WALLA WALLA - A library study spurred by contract disputes between the city and rural libraries systems will be reviewed at a public meeting this week.
The study points to a system for operating area libraries that would result in a tax hike for city residents.
What won't be part of the "Models For Sustainable Library Services Report" is a fix for the contentious funding relationship between the city of Walla Walla and the Walla Walla Rural Library District.
"I had understood that one component of the report would be a proposed formula for a contract in case a regional contract couldn't work … I was surprised to find out that they were not including that in the report," said city Mayor Barbara Clark.
Council members Dominick Elia and Shane Laib said they, too, expected some sort of contract recommendation to help solve the yearly dispute.
For more than three decades, the Rural Library District has paid the city to provide library services to residents who live in the surrounding unincorporated areas.
According to the report, over the last decade the Rural Library District has changed its funding model, and in 2009 completely switched from turning over a portion of its property tax levy to paying for cardholders who reside in the nearby unincorporated areas.
A result of that change was the loss of hundreds of thousands of dollars in funding for the Walla Walla Public Library.
In addition, yearly contract negotiations have been contentious, drawn out and leaving the city feeling it is getting too little and the district feeling it is paying too much.
As of Saturday afternoon, a draft of the report had yet to be delivered, but a preliminary report was submitted earlier this month.
That report contained a general history of library services and funding in Walla Walla County, as well as looking at four alternative models, along with the current funding model.
Of the five models reviewed, the one recommended by consultant Ruth Metz, a Portland-based library strategic planner, was a system that would increase taxes on city residents.
"The annexation of Walla Walla to the RLD (Rural Library District) is crucial to this model because it secures a rate of funding for library services that would equal that of the existing RLD," Metz wrote.
In the annexation model, Walla Walla, College Place, Prescott and Waitsburg would all join the Rural Library District, which is funded by property taxes.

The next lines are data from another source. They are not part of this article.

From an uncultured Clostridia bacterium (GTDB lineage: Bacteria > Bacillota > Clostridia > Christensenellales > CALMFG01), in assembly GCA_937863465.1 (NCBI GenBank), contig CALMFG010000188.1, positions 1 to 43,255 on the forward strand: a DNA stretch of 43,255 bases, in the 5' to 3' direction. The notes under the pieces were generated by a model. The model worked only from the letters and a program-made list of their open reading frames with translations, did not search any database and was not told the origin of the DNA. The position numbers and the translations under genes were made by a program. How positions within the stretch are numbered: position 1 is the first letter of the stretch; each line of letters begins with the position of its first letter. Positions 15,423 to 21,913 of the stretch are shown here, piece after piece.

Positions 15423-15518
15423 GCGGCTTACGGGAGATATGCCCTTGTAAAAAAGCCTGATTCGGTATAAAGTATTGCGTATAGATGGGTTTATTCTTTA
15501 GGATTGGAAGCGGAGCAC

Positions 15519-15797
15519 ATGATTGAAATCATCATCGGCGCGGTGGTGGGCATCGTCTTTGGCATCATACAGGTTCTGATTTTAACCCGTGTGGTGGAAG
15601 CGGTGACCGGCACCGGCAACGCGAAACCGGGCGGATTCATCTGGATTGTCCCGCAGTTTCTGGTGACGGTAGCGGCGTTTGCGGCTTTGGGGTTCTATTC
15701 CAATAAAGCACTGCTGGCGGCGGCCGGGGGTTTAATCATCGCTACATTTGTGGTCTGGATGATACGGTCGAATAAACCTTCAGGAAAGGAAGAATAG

If the City Council, county commissioners and eventually the voting public of each municipality approved being annexed into the Rural Library District, it could then impose a tax of up to 50 cents per $1,000 of assessed home value.
If the district were to take the full levy amount, the owner of a $150,000 home would pay $75 a year more in property taxes to fund Walla Walla County libraries, which would include their own city libraries.
While Metz noted that the figures in her report were preliminary and still needed verification from the county Assessor, she concluded that in 2010 the Rural Library District and the cities of Walla Walla, College Place, Prescott and Waitsburg together supported $1.76 million in library funds; $694,643 came from the Walla Walla general fund for that year.
Had a countywide library district been in place with a tax levy of 46 cents per $1,000, Metz said the combined support would have been $2.25 million, which would not include any general funds from Walla Walla.
Another funding model looked at by Metz was a regional library district in which funds between the city and Rural Library District are commingled. But no extra funds were associated with this model, which would mean the city would still have to fund the library primarily through its general fund.
The report also looked at expanding the scope and jurisdiction of WALNET, which is a consortium of the Walla Walla Library, the Rural Library District and Walla Walla Community College Library. The three research, implement and maintain automated systems that allow patrons to locate materials in other libraries.
The report said WALNET is too small to operate a regional library system; it has a yearly budget of about $30,000 derived from the three members.
The city has said it will leave WALNET in 2012.
Along with the possibility of keeping the current system, the report also looked at reversing it.
In this model the Rural Library District would operate and possibly own the city's library, and the city would pay the district to run it.
The report noted there is a "direct relationship between people using their libraries … and supporting their libraries," but limited hours due to a lack of funding keeps people from using libraries.
Metz wrote that adding to the problem is the "dissonance among community and library leaders" and the lack of a cohesiveness and vision.
Alfred Diaz can be reached at email@example.com or 526-8325.
A public meeting to review the draft report will be held Wednesday at 7 p.m. at Walla Walla Fire District 4 Station, 2251 Howard St.
Earlier, at 4 p.m., the City Council will discuss and possibly take action on the report at a special meeting that is also open to the public. That meeting will be at the city hall chambers, 15 N. Third Ave.